This is the first blog in a series of ten (yes ten) by South Atlanta Community Facilitator, Dan Crain from a mini-book called, “Can you help me?”
Can you help me?
This lone question changed everything for me.
I was in Orlando, FL having just finished a Masters of Intercultural Ministries degree from seminary and in that space of not knowing what God had next for our lives. Through Christ’s leading I had connected in with a ministry called Compassion Corner that serves neighbors on the streets and was facilitating a Bible Study on a Tuesday morning when I asked that question to the group.
The question was formed like this, “The ministry I am a part of, Polis Institute is in the process of redesigning our website and I was wondering if there was anyone here that could help us with a picture for our website?” Two hands in the back immediately went up, a woman and a man. I asked if we could connect after the Bible study in the side room and they agreed.
After the study was over we went in the side room and I told them what I needed help with; drawing a picture of someone that is homeless to possibly use for our website. Immediately the woman started to cry and thank me for asking for her help as she shared that she is an artist, but was currently homeless and no one ever asks her for help as they assume she has nothing to give. She always is identified by her need. She ended up drawing a great picture.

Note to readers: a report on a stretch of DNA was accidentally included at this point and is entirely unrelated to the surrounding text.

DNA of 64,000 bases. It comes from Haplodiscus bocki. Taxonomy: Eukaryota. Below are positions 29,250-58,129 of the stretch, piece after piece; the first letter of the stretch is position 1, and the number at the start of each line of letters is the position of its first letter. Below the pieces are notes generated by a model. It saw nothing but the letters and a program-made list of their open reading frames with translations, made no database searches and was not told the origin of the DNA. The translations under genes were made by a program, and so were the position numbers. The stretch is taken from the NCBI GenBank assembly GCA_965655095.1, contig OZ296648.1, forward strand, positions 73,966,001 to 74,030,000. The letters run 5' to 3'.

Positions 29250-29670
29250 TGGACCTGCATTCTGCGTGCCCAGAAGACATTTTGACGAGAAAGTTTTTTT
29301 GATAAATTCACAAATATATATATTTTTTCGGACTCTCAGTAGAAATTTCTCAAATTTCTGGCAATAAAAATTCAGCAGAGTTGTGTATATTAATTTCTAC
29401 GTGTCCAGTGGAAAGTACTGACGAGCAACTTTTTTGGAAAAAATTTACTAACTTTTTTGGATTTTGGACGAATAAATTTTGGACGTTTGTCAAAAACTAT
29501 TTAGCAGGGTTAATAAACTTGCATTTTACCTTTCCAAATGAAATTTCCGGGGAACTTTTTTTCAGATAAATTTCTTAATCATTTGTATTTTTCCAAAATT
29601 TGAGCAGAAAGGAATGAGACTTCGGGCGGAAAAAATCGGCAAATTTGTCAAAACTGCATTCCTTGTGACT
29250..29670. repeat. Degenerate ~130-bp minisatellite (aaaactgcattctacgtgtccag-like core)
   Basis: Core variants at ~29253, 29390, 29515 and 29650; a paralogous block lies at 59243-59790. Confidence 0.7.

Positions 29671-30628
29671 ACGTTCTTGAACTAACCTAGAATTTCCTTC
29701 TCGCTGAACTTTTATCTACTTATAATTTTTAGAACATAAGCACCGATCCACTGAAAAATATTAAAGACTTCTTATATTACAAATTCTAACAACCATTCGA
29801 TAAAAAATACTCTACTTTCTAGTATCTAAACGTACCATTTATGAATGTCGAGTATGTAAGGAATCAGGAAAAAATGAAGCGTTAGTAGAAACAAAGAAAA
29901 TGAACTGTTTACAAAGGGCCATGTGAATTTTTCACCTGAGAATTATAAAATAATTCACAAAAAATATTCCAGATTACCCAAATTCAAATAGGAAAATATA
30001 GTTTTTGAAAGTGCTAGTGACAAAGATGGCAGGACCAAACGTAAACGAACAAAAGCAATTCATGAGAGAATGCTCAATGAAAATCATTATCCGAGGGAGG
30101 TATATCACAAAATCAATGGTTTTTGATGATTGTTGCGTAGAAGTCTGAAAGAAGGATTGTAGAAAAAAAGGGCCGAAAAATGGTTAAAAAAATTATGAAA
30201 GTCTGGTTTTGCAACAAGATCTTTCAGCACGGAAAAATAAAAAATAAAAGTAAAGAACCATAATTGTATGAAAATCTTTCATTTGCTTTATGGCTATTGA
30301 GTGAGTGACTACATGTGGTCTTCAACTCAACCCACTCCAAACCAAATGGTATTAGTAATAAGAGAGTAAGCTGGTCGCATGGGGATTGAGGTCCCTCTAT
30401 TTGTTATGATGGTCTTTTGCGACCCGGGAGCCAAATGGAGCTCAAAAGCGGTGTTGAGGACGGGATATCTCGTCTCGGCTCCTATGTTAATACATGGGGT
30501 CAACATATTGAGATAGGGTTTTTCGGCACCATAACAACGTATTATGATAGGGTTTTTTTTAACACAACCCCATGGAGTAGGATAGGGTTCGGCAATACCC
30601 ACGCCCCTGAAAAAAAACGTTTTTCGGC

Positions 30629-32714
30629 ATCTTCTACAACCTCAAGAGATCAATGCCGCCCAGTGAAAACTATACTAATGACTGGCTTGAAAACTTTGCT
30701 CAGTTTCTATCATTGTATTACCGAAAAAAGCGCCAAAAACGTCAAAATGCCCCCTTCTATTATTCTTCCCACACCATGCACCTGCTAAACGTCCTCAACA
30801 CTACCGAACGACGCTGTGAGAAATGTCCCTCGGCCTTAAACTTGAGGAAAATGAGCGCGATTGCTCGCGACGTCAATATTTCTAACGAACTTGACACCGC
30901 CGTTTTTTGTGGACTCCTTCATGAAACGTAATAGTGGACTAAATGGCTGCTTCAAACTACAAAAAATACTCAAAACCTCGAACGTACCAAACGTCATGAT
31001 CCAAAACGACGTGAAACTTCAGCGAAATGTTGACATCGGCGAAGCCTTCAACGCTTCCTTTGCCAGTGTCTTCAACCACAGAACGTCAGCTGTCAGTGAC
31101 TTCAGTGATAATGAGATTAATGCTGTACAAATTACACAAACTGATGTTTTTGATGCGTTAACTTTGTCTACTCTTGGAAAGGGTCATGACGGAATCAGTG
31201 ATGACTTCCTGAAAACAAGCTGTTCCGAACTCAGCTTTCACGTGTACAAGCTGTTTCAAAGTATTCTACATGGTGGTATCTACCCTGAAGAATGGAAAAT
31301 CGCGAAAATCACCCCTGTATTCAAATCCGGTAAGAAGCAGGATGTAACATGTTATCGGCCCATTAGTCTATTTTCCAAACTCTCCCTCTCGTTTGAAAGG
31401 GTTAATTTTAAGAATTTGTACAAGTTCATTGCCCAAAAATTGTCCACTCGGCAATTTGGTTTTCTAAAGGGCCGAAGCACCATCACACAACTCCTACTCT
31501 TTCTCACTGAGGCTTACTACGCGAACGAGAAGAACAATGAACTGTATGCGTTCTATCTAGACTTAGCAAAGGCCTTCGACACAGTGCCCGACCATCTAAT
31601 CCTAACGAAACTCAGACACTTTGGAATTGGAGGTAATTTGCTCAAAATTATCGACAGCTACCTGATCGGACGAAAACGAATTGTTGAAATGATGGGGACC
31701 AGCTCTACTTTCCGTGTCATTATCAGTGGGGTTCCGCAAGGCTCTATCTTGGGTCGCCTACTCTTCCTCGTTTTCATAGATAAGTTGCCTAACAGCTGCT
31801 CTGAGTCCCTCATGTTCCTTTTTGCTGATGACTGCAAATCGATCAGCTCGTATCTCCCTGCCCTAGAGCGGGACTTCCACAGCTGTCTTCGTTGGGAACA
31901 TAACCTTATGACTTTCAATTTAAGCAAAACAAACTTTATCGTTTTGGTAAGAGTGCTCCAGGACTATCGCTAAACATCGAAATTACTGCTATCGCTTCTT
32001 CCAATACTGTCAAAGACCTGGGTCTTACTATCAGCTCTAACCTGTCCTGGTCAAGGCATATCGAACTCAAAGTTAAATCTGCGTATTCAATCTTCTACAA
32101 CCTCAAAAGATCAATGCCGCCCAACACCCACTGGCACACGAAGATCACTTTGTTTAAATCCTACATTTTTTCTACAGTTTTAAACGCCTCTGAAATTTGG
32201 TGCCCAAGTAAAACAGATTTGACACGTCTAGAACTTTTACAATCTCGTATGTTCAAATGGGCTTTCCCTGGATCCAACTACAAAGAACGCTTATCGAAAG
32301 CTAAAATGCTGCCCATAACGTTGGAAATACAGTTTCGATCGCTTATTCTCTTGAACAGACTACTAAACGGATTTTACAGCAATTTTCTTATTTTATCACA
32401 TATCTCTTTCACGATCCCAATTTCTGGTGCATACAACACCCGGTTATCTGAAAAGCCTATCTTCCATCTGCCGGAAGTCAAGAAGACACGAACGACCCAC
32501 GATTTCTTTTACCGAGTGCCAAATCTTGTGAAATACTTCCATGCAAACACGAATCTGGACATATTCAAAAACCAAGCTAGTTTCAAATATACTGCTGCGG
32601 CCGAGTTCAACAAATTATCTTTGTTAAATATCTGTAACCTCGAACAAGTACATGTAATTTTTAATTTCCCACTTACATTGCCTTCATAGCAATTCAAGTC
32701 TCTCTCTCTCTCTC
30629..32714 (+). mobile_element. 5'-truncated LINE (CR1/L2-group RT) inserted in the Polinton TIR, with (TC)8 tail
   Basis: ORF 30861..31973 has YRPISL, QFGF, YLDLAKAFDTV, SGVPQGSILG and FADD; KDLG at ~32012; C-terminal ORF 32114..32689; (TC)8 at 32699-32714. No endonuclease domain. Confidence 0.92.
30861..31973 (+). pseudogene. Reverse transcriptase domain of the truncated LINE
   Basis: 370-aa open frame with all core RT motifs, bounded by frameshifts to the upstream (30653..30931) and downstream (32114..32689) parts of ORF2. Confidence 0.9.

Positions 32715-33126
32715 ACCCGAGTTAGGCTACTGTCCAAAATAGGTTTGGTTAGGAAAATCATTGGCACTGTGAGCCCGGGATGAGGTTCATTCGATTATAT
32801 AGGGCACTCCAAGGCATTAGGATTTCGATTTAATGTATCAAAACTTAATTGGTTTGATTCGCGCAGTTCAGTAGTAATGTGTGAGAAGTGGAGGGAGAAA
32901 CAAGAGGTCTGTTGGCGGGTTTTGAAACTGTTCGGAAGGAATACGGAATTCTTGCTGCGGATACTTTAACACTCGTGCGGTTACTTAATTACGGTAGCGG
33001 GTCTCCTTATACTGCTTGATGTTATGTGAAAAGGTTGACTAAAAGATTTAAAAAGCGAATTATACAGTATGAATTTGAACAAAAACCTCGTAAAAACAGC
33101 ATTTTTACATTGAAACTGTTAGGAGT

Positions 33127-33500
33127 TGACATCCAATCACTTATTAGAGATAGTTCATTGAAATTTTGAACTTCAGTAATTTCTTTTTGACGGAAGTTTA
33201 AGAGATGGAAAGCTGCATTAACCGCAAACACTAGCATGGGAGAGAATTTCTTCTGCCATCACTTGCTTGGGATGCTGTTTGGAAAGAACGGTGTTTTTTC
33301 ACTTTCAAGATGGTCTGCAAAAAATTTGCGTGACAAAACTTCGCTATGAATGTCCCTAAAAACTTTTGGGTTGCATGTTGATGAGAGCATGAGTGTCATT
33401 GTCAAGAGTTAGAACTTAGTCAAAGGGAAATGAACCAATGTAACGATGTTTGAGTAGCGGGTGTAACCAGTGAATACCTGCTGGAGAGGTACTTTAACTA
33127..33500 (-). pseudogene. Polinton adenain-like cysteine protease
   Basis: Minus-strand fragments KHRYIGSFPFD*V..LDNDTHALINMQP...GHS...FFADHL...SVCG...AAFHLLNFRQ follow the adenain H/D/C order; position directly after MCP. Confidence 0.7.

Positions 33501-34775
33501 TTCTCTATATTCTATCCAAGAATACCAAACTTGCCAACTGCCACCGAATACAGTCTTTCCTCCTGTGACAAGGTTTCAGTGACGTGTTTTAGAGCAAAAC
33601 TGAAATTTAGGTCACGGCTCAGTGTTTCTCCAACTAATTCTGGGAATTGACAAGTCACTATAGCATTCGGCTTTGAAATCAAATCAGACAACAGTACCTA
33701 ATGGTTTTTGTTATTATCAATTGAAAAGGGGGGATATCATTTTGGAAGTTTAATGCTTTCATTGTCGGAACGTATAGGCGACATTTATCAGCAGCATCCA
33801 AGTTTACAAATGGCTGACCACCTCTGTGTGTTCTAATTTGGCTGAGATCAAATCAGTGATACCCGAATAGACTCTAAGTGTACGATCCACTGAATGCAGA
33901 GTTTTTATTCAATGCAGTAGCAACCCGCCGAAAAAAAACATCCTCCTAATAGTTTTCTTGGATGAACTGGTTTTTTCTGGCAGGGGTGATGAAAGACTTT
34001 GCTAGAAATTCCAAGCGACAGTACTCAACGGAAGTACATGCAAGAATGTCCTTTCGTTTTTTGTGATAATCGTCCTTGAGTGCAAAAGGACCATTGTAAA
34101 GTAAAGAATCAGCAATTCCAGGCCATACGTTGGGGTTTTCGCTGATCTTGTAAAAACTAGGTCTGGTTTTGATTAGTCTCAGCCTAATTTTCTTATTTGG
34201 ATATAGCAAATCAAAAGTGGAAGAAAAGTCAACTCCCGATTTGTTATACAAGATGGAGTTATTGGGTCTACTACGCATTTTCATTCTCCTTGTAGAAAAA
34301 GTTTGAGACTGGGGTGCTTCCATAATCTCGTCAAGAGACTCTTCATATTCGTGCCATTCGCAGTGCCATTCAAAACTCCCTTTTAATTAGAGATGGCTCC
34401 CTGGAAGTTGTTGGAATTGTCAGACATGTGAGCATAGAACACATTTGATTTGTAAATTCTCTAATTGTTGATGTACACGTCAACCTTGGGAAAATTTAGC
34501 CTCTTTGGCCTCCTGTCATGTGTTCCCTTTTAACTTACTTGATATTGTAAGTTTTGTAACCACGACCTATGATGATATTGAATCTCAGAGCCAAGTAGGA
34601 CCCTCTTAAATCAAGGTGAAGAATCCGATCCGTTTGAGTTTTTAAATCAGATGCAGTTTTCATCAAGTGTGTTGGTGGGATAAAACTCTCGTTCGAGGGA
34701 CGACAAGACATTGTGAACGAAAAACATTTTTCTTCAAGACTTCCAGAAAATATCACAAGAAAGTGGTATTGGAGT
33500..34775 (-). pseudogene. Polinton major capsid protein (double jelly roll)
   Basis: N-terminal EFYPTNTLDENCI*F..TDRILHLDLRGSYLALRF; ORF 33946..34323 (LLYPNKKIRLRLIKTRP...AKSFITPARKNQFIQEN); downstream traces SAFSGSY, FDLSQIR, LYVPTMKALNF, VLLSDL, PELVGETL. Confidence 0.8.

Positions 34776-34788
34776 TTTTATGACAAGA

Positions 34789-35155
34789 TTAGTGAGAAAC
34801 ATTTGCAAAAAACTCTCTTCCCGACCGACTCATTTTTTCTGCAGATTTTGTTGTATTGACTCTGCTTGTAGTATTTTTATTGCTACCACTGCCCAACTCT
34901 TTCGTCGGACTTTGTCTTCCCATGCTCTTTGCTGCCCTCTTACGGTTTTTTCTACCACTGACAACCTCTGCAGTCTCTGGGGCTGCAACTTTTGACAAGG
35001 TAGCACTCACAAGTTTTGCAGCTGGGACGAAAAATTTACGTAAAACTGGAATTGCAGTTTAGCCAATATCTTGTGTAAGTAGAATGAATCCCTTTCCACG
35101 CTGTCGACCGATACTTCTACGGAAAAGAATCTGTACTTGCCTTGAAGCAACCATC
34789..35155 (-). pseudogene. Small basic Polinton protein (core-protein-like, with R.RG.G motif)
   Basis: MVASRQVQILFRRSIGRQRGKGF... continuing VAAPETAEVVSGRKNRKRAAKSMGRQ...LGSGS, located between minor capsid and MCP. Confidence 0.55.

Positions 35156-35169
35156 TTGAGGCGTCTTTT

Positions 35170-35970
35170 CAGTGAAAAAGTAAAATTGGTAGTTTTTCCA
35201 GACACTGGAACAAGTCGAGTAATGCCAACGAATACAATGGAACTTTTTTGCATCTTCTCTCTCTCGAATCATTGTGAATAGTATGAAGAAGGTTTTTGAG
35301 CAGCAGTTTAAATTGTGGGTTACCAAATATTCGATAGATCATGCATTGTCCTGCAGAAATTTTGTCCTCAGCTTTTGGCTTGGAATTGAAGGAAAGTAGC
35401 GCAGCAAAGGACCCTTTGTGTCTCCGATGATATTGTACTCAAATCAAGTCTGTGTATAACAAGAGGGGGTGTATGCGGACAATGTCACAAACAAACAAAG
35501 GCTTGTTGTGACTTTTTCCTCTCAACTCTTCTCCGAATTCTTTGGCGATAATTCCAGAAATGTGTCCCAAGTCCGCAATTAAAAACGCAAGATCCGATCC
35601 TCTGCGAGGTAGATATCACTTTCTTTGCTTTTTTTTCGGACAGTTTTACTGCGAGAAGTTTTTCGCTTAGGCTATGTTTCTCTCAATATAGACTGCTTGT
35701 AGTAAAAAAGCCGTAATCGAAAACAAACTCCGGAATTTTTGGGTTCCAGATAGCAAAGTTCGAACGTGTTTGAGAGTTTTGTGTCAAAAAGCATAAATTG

In the meantime a man immediately sat down and was hunched over the desk drawing something for forty-five minutes. When he was done he stood up and handed me one of the most brilliant and detailed drawings I have every seen of a person that was homeless sitting against a wall with his head resting on his arms. He thanked me for letting him help and then walked out. He ended up drawing this;
That was the first time I began to realize the importance of asking for help from those on the margins. It did something in him and in me. This was the start of a long journey that I still am on to this day as I seek to give up power to affirm and recognize the gifts of those around me.
As I began to learn more about trainings like Dignity Serves, Asset Based Community Development and Saul Cruz’s work, “Giving Voice to the Voiceless”, I began to discover that my role in helping those in distress was not going to be about trying to help at all, it was going to be about asking for help from them. Because it is in asking for help that I began to discover God’s work among those I was supposed to be helping.
This is why I stopped trying to help people in need a few years ago. I found my help to be controlling and very co-dependent, which ended with both parties frustrated. Now I simply ask for help from the most vulnerable because it is that place that I seek to live out the reconciliation of Christ among the most vulnerable.